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Maria Semple's comedy adventure novel Where'd You Go, Bernadette debuted in 2012 and soon after climbed to the top of the New York Times best-seller list, where it stayed for over a year. Touching, heartwarming, hilarious and heart-racing, the world of the prickly and uniquely captivating creature that is Bernadette Fox was ripe for a big screen adaptation when Annapurna Pictures and Color Force acquired it in 2013.

A few years later, Richard Linklater and his team were brought on. The Oscar-nominated Director was immediately intrigued. "It's a really complex portrait of a middle-aged woman who is kind of a genius but who isn't practicing her art," he says. "What that adds up to is kind of funny and a little scary. For anyone. It's also a wonderfully complex portrait of a long-term relationship. Parenting, co-parenting, the ups and downs of that."

"We were doing another film for Annapurna that we had been working on for about eight years called Everybody Wants Some!! and we were given this project to read," says Producer Ginger Sledge, who has worked with Linklater on a number of films over the course of the past twenty years. "Everybody has such a funny, different perspective on it. I think it's what's so great about the film."

"It's such rich material," says Linklater. "Such utterly complex and beautiful characters. Bernadette's a fascinating person. A strong female obviously, but I think she speaks for so many people. I was most drawn to the notion of an artist or a creative person who for a variety of reasons isn't creating."

As a creator himself, Linklater could relate to the central, universal themes of the novel. "It hits on that kind of stagnant position in life that's one of my biggest nightmares," Linklater says. "Have you ever heard that statement: The most dangerous thing in the world is an artist out of work? There's a good history of that. It's a really sad place to be."

Linklater also felt a personal connection to the character of Bernadette. "I think my mom is kind of a Bernadette," he says, laughing. "She would leave the family for days at a time. Brilliant, but erratic a little bit. I felt I knew the character."

Adding to the vibrancy of Bernadette's world was Blanchett herself, who knew what she was signing up for when she took the title role. "The novel was absolutely thrilling, hilarious to read, but a bugger to adapt," she says, laughing. "Structurally, it's really difficult to translate to the screen. But I think at the heart it's very much the same."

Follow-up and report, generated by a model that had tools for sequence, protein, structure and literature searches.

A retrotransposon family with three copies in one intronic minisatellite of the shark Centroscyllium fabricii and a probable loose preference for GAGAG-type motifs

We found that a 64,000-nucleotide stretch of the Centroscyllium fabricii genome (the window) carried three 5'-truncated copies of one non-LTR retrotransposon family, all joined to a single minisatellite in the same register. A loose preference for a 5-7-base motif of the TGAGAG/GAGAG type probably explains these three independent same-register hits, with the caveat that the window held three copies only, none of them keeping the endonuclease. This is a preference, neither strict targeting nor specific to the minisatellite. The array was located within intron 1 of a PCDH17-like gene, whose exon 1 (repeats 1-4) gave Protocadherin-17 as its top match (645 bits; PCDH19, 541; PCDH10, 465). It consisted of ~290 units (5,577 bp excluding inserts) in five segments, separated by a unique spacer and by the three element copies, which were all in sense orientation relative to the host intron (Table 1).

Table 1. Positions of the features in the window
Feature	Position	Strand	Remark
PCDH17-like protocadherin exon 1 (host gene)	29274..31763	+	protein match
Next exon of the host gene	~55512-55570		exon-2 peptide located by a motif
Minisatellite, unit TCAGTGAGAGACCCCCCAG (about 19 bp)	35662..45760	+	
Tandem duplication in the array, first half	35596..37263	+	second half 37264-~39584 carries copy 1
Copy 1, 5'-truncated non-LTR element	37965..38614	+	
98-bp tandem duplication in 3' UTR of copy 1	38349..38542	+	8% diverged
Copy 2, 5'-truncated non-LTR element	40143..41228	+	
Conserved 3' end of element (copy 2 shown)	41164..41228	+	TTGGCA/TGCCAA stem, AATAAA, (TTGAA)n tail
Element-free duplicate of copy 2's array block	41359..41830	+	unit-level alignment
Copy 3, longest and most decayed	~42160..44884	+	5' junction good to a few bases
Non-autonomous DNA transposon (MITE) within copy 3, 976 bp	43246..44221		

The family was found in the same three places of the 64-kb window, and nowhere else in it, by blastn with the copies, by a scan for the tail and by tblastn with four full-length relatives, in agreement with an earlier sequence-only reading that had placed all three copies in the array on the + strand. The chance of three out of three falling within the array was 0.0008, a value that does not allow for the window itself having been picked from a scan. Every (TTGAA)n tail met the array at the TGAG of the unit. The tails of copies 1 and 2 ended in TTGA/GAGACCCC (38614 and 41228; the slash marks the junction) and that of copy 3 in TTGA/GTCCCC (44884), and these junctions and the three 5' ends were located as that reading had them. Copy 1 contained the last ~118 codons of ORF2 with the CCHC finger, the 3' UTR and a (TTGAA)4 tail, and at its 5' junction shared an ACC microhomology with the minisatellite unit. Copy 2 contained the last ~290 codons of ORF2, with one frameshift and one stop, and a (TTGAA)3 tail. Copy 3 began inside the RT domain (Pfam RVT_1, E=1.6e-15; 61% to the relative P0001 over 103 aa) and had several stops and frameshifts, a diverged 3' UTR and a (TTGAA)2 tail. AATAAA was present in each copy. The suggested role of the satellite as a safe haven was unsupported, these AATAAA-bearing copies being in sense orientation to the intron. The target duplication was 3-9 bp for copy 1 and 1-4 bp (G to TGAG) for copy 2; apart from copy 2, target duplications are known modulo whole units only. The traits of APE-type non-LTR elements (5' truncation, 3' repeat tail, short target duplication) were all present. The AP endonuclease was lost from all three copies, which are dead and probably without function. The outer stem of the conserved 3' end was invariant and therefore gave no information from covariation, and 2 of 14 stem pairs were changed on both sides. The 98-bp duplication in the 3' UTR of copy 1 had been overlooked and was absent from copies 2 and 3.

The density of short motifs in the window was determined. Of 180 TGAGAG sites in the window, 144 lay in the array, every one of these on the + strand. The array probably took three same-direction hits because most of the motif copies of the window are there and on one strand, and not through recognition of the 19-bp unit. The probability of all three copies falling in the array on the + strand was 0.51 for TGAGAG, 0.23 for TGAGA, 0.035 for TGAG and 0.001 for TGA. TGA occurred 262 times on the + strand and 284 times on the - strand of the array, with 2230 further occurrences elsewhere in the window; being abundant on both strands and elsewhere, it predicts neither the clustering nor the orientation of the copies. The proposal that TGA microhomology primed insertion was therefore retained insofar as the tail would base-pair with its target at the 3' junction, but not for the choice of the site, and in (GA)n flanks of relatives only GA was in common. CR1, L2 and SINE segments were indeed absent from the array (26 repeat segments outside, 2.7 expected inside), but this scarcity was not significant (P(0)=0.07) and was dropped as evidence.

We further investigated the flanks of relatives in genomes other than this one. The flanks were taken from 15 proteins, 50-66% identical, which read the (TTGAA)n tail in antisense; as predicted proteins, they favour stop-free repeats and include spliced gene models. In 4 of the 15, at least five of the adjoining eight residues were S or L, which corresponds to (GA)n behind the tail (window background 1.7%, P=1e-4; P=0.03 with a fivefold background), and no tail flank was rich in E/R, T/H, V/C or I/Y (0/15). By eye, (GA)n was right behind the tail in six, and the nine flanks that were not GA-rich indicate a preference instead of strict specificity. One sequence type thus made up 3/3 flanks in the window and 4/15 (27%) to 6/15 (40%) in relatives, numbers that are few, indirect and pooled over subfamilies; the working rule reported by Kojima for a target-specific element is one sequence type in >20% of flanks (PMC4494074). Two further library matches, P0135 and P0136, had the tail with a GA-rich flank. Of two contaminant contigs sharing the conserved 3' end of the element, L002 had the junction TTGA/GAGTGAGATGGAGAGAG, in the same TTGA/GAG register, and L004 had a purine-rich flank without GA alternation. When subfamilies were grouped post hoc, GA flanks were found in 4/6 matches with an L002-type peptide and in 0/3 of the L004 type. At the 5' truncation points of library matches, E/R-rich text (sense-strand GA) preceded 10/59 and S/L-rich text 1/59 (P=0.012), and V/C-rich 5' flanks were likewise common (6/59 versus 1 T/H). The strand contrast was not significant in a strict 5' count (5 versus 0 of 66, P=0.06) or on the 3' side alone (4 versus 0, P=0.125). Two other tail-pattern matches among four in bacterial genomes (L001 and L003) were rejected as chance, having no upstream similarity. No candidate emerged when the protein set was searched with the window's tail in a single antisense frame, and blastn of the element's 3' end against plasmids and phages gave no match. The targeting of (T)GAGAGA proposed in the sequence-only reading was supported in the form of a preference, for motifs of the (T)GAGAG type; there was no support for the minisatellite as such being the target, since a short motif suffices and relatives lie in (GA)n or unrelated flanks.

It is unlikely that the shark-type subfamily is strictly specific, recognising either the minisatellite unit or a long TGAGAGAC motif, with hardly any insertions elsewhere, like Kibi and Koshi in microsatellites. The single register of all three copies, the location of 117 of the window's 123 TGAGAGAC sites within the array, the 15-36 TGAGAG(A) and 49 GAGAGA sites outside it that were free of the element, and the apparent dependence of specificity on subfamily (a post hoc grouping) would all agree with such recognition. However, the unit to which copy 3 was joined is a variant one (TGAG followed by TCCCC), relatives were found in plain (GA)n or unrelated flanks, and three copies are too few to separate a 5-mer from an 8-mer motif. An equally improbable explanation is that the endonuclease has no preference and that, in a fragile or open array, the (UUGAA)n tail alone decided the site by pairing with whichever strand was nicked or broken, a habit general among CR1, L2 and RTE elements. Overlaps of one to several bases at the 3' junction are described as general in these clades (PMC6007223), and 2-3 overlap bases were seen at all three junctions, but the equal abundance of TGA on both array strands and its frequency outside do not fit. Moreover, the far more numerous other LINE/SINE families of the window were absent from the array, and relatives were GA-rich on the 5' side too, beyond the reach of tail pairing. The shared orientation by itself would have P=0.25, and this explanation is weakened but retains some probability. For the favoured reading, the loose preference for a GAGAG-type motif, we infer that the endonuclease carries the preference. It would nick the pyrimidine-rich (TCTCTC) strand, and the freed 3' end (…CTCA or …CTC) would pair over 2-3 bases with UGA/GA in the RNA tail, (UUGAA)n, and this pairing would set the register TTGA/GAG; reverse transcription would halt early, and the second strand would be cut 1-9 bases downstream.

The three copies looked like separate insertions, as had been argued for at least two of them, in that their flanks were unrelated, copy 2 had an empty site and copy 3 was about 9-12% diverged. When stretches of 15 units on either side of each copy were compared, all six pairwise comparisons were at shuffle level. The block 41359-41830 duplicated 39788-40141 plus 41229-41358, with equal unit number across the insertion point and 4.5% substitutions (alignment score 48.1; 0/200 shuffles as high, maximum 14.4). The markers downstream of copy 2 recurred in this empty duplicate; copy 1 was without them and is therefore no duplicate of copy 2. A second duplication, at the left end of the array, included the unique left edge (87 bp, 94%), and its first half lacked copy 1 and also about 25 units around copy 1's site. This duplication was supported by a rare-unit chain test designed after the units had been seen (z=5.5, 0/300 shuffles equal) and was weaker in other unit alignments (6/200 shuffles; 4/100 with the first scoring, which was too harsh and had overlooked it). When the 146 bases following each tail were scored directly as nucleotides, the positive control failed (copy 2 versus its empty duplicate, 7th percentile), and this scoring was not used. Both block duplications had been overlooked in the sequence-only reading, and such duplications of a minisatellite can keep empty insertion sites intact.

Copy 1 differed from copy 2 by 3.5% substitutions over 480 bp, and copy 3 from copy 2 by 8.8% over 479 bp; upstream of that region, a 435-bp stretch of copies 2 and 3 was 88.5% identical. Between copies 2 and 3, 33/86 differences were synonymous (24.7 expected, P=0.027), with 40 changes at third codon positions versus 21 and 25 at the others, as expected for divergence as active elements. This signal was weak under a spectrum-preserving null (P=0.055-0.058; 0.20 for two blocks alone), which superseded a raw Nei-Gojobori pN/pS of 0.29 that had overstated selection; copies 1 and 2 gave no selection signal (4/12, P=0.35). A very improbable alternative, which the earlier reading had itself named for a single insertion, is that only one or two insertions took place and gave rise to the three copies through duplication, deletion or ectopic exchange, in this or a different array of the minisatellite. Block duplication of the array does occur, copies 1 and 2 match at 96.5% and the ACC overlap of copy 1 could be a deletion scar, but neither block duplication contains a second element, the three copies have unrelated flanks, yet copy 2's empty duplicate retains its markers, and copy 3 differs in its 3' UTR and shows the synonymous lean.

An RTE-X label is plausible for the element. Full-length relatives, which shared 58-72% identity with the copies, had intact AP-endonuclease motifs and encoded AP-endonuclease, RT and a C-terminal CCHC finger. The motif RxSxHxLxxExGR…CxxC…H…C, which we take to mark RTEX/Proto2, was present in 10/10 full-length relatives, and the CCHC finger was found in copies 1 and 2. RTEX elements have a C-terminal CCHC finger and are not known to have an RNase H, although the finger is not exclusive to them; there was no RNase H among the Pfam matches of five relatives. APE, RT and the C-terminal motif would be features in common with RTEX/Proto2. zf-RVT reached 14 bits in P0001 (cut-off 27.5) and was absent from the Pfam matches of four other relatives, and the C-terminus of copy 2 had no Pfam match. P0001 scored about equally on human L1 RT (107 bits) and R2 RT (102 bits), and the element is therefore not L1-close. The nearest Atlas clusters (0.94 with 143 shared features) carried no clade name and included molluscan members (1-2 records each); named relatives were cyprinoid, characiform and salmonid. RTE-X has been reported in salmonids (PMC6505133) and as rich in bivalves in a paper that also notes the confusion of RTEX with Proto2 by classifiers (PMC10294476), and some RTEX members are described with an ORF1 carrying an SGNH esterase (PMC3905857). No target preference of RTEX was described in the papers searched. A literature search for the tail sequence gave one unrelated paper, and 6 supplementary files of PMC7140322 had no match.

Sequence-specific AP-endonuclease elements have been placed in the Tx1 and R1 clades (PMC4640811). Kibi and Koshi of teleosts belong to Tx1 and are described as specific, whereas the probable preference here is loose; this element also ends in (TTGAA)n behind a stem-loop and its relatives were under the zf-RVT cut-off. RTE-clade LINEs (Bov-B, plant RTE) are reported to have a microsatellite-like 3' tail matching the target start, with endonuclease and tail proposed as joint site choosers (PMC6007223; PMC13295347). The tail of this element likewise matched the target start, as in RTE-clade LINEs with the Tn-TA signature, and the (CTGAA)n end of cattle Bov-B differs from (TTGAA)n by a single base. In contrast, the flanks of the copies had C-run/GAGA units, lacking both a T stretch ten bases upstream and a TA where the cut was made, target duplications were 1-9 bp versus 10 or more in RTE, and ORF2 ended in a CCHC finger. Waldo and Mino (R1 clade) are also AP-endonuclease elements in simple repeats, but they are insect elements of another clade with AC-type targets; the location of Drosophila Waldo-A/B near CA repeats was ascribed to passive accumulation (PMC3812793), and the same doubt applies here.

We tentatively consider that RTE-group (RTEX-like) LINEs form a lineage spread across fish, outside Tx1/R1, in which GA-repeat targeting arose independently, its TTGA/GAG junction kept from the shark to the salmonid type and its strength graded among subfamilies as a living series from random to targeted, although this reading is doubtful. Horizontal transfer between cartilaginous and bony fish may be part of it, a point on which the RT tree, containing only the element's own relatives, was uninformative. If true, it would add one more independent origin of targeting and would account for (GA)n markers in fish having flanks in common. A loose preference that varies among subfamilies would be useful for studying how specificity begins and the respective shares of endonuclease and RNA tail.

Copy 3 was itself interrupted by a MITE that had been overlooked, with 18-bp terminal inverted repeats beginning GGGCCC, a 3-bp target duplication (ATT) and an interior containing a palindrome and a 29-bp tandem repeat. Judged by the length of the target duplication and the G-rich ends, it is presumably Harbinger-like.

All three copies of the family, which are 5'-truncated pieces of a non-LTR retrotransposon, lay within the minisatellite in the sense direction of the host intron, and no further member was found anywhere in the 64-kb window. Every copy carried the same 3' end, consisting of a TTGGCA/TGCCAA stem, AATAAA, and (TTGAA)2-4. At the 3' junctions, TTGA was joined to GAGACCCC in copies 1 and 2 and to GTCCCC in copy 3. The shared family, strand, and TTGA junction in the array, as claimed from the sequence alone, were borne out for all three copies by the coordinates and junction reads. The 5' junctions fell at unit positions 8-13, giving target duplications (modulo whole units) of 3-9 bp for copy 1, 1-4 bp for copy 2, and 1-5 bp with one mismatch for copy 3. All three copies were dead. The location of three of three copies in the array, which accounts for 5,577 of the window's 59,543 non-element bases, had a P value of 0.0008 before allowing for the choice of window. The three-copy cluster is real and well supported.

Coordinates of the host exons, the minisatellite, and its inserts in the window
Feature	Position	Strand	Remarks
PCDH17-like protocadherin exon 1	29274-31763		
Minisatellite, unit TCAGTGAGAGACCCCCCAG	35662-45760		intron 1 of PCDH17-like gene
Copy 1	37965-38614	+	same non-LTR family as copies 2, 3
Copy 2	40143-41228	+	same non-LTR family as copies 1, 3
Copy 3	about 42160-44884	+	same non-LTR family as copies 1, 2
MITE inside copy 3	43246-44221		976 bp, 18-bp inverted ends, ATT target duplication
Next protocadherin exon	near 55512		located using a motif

"Rick really loves what an actor can bring to something," Blanchett continues. "All of his films are about the combustible things that happen between people in life, and he has a very relaxed sense way of working, but he's absolutely meticulous about the world in which he places characters, and he just wants to be able to bring them to life - and Maria Semple has written some really extraordinary characters."


Bringing any book to the big screen is a process, but Where'd You Go, Bernadette presented a unique set of challenges. An epistolary novel, the story unfolds over the course of a series of correspondences, through which Bee tracks down her mother's whereabouts. Linklater knew he had a puzzle on his hands. "I think the obvious first question is: How the hell do you adapt a bunch of letters and emails as source material?" he asks. "This was certainly one of the more challenging adaptations imaginable. You have to make some pretty big choices. The idea was to not be too intimidated by that, and really just grab those characters and the fundamental story."

To take literal letters off a page and craft a cohesive visual interpretation, Linklater enlisted co-writers Holly Gent and Vince Palmo - he had directed their adaptation of Me and Orson Welles and worked with them on other screenplays. "They're just smart, natural collaborators. We kind of jumped in there," says Linklater. "And it was just taking a few big leaps with the notion of what to portray in the real world. To take something that's very non-linear and all over the place in its own storytelling and adapt it into something that resembles a three act structure, and yet use what you consider the best material. That was a big challenge, but a very fun one."

Gent adds, "We relied on the progression of Bernadette's inner journey, and let go of the details of the chronology of the novel. From our very first conversation about it, we talked about how this was a story about a human's need to create in her own way, and not follow the prescribed path or definitions of society. Basically, Bernadette's voice and her self-awareness are really the heart of this - full of humor and brains and anger and empathy. That's what makes the story sing, and we worked toward that."

Palmo was an assistant director on Dazed and Confused and Gent was the production coordinator, so the trio has worked together, in one capacity or another, for twenty-five years. "Vince is the first assistant director, who's running the set as a first AD does and he's a co-screenwriter," says Linklater.

"You almost never see those go together, particularly on the same film. But for him, that's like coproducing the movie. And Holly is there, too, with a lot of input."